The University of California, San Diego has received a $3 million grant from the DOD to study Binge Eating Disorder treatments in veterans and active duty military.
Studies show that eating disorders affect members of the military at a high rate, with approximately 19 percent of active-duty women and 14 percent of active-duty men meeting the criteria for binge eating disorder. In addition, approximately 65 percent of female and 45 percent of male veterans report one or more symptoms of binge eating. Children of military families also reported similar conditions at a significantly higher rate than the civilian population.
The majority of these individuals are overweight or obese, defined by the Centers for Disease Control and Prevention as a measured body mass index of 25 or higher.
Binge Eating Disorder is a complex condition that affects the brain and the body. It is usually characterized by recurring episodes of consuming large quantities of food, often quickly and to the point of discomfort.
Those affected by Binge Eating Disorder usually have higher health-care costs resulting from obesity or associated conditions such as bulimia or other eating disorders.
In the past, those with Binge Eating Disorder have been treated using cognitive behavior therapy. which focused on changing thoughts and behaviors to reduce harmful acts.
However, cognitive behavior therapy also has remission, or failure, rates of 40 to 60 percent, and often fails to produce significant weight loss. Therefore, those with the condition often continue to struggle with obesity and other medical and psychological problems related to their condition.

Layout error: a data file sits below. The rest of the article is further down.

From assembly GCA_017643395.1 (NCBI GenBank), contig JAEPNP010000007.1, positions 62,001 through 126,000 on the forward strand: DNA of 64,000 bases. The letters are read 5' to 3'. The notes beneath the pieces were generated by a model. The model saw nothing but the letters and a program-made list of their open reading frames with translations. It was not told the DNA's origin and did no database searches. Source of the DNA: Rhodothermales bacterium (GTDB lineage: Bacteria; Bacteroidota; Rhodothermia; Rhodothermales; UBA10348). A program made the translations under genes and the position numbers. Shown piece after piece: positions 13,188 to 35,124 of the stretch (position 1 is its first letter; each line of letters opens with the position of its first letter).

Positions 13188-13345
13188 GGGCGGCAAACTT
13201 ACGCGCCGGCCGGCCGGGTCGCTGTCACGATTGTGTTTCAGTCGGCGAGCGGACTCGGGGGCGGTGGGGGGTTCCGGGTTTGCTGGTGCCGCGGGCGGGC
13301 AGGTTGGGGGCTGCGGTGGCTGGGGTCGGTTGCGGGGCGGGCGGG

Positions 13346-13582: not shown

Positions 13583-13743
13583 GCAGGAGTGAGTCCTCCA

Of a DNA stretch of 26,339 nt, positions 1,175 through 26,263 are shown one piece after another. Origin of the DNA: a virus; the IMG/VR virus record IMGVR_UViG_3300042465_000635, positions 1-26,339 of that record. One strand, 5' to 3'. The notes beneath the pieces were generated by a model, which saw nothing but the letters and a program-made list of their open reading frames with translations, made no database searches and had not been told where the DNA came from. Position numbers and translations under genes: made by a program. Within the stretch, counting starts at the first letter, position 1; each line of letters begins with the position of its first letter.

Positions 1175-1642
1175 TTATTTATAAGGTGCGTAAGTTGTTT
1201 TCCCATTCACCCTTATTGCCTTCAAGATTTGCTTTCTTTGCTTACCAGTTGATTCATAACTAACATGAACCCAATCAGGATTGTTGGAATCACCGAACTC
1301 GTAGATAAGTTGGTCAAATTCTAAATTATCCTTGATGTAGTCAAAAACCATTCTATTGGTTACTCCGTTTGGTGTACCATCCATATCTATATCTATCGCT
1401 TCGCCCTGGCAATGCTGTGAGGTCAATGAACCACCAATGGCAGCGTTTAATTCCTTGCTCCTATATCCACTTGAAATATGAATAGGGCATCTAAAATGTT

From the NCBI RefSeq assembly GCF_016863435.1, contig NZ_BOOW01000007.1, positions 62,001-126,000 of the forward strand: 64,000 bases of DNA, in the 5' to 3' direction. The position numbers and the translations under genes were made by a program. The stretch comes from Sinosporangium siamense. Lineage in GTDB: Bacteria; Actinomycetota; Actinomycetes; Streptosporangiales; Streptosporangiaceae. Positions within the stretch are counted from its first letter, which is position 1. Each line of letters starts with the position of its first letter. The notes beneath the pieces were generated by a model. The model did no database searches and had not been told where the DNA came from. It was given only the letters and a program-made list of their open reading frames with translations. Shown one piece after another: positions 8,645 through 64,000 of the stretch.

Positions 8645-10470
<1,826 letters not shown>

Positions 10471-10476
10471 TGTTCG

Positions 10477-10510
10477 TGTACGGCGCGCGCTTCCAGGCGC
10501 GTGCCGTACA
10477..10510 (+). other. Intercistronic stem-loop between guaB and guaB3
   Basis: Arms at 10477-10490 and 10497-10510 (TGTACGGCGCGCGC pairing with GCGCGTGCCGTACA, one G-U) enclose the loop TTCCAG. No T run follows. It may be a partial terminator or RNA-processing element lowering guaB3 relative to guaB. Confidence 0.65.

They often fail and end up worse off then before.
With this DOD funding, the UCSD School of Medicine will partner with the VA San Diego Healthcare System to study treatments for Binge Eating Disorder including a new treatment model called Regulation of Cues, which targets two underlying mechanisms associated with binge eating and obesity: decreased sensitivity to internal hunger signals and increased sensitivity to external food cues.
This new treatment trains participants to detect their hunger and fullness to stop eating earlier and to resist tempting foods in the environment through education and learning through experience.
The clinical trial will enroll 120 veterans who have been diagnosed with Binge Eating Disorder and obesity. Participants will be randomly assigned to a five-month Regulation of Cues or Cognitive Behavior Therapy program. Their progress will be monitored and the results will be compared during and at the completion of treatment, as well as six months after treatment has completed. The study should shed light on which treatment works best for each group, sex, and age group, and researchers hope to develop a regimen of treatment that will be successful and easy to adapt to different groups.
This study has the potential to substantially change the treatment for Binge Eating Disorder and has shown more success than currently available treatments. Researchers say this type of treatment can be easily used in the military and veteran community where normal civilian treatments are often not successful due to their different lifestyle and living conditions they face.